- Don’t expect immediate results.
Maybe because of the way popular culture has portrayed meditation as the “one-stop solution to get rid of your stress at one go”, many people get frustrated when all their stress doesn’t magically disappear immediately after their first meditation session.
While it’s true that meditation can relieve stress, the results will be seen over time, once you make it a regular habit. Meditation is more of a spiritual practice to get in touch with your inner self. The benefits like stress relief and relaxation are its by-products, not its ultimate goal.
- Embrace distractions.
One of the biggest mistakes beginners make while starting with a meditation habit is that they assume they have to be a completely distraction-free environment to get into it. Unless you live in a house all by yourself at the top of a mountain, that’s not possible. There will be background noise no matter when or where you do it, and guess what, distractions are good.
Make them a part of your meditation. Do a sound check and try to be aware of where each noise is coming from. This will help you incorporate these distractions into your practice rather than considering them as roadblocks and feeling discouraged.
- Don’t go into it unprepared.
Before starting your practice, take a few minutes to calm your mind and body and reaffirm your intent. This can be as simple as stretching your back, neck, arms, and saying to yourself, “Okay, I’m going to focus now.” Such small steps go a long way in making sure you don’t lose steam mid-way and can ease into your session.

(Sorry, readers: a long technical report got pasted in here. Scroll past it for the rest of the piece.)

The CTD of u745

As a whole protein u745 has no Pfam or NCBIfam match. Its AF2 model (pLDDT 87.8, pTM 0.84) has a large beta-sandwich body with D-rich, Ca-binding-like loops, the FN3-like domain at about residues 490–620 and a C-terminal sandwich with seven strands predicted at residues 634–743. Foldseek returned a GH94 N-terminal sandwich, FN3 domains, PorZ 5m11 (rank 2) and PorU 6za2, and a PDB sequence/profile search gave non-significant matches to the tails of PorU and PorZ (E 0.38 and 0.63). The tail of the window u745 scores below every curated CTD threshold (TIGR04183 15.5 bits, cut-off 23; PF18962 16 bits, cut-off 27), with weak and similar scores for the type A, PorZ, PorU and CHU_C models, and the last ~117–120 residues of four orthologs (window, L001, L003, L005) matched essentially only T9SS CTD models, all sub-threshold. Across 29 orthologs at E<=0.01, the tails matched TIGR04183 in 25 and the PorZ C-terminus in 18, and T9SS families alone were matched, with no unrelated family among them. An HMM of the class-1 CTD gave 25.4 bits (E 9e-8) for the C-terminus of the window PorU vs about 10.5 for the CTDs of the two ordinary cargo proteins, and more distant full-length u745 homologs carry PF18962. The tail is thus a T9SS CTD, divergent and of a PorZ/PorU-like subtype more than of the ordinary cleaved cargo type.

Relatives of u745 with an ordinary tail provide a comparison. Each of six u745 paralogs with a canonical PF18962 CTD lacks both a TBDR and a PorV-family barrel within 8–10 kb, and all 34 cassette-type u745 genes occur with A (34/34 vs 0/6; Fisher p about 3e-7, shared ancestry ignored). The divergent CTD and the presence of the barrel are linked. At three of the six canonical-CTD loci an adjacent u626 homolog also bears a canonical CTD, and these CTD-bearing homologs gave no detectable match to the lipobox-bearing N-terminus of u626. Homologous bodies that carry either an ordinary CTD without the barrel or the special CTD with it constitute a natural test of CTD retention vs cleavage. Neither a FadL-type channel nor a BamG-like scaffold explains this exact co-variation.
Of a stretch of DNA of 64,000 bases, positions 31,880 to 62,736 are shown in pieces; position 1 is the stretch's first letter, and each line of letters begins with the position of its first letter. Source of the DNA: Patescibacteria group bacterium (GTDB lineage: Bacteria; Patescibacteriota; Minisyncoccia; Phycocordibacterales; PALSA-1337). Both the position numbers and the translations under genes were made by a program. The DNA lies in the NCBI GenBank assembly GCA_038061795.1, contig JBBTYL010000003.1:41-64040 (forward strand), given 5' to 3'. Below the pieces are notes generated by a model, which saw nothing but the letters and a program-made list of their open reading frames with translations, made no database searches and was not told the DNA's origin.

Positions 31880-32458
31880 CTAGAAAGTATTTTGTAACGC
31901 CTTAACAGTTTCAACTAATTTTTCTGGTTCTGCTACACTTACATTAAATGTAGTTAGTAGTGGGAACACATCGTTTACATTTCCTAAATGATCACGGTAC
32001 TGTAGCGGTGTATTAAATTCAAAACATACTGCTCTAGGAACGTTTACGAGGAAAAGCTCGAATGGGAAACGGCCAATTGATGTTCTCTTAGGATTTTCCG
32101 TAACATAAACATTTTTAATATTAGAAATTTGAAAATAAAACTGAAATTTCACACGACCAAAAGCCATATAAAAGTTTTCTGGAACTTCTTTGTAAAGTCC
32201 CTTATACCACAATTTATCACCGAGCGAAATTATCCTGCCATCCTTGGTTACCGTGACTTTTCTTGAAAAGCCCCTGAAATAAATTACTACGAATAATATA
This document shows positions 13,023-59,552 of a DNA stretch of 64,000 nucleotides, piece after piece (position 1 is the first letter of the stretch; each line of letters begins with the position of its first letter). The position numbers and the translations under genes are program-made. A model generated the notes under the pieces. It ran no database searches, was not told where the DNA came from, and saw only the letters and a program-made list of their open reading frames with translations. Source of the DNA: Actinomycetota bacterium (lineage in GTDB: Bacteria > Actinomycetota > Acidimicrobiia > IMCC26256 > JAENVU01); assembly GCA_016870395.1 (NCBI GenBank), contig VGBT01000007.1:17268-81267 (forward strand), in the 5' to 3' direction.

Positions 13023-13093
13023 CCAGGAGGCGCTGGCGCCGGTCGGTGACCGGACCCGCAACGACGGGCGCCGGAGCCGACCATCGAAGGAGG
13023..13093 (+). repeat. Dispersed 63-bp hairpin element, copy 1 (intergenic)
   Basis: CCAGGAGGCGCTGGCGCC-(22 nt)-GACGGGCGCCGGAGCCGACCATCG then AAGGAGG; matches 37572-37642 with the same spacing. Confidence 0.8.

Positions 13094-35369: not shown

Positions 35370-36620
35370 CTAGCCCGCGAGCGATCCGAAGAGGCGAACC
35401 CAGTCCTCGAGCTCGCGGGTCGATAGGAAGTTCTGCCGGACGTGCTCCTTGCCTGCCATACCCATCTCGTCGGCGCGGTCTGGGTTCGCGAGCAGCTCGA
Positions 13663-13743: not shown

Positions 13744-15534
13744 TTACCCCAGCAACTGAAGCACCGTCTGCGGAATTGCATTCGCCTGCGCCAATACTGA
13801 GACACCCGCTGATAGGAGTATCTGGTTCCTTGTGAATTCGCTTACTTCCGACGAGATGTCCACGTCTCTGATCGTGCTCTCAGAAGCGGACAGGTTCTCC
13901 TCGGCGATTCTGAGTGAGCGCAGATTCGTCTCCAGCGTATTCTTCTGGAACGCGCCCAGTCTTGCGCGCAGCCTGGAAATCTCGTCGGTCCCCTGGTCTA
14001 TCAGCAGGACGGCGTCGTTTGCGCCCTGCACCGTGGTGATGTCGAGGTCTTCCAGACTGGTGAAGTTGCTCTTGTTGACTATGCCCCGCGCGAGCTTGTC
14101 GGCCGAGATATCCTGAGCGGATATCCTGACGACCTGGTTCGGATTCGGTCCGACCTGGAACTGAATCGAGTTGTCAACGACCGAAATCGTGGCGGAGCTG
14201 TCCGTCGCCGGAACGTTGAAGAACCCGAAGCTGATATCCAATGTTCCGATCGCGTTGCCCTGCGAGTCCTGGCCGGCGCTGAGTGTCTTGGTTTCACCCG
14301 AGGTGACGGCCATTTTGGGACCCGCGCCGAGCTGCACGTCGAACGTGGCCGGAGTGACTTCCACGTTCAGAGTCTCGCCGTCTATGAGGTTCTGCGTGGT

- Don’t seek escape in meditation.
Meditation is not meant to be a way to suppress your negative thoughts. It’s a guiding light to let you be truly aware of what’s going on in your head and sort through all the emotions.
Don’t consciously try not to think about something negative. Observe all your feelings, let them grow and naturally dissolve.
- Don’t aim for long durations in the beginning.
Experts might tell you they meditate for two hours every day. But what they don’t tell you is that they’ve been doing it for years now, and have built up the practice over time. When starting, don’t aim for long durations. Shorter stretches like 10 minutes can be just as beneficial. In fact, if you’re feeling nervous about that, you can just try taking ten deep breaths in bed. While getting started, even the small steps matter a lot.
- Don’t keep questioning yourself if you’re doing it right.
The truth is, there’s no “right” way to meditate. Different practices work for different people. So, how do you know if yours is working for you? If you can keep your attention focused and be mindful of your body, your thoughts, your surroundings, you know you’re doing great.
- Don’t keep telling yourself you’ll do it “some time”.
If you keep telling yourself you’ll meditate when you find the time, you’ll probably always be too busy or too tired to even give it a try. While building a new habit, it’s important to consciously allot time for it in your schedule. Meditation is no different. Just keep a 10-minute slot in your daily routine each day for meditation and see the results for yourself.
- Don’t be inconsistent.
You’re starting something that you’ve never tried before. Don’t be inconsistent as it will be even harder to keep yourself accountable. Missing a day or two when something major comes up is alright, but missing entire weeks or months in the name of “not finding time” is not.
- Don’t go into it all alone.
While it’s possible to start a meditation practice alone, having an accountability partner makes it easier. This can be a friend or colleague with whom you decided to start the new habit together. Or it can be a certified meditation coach who will guide you through the process and help you on days you feel like you can’t stick through with it on your own.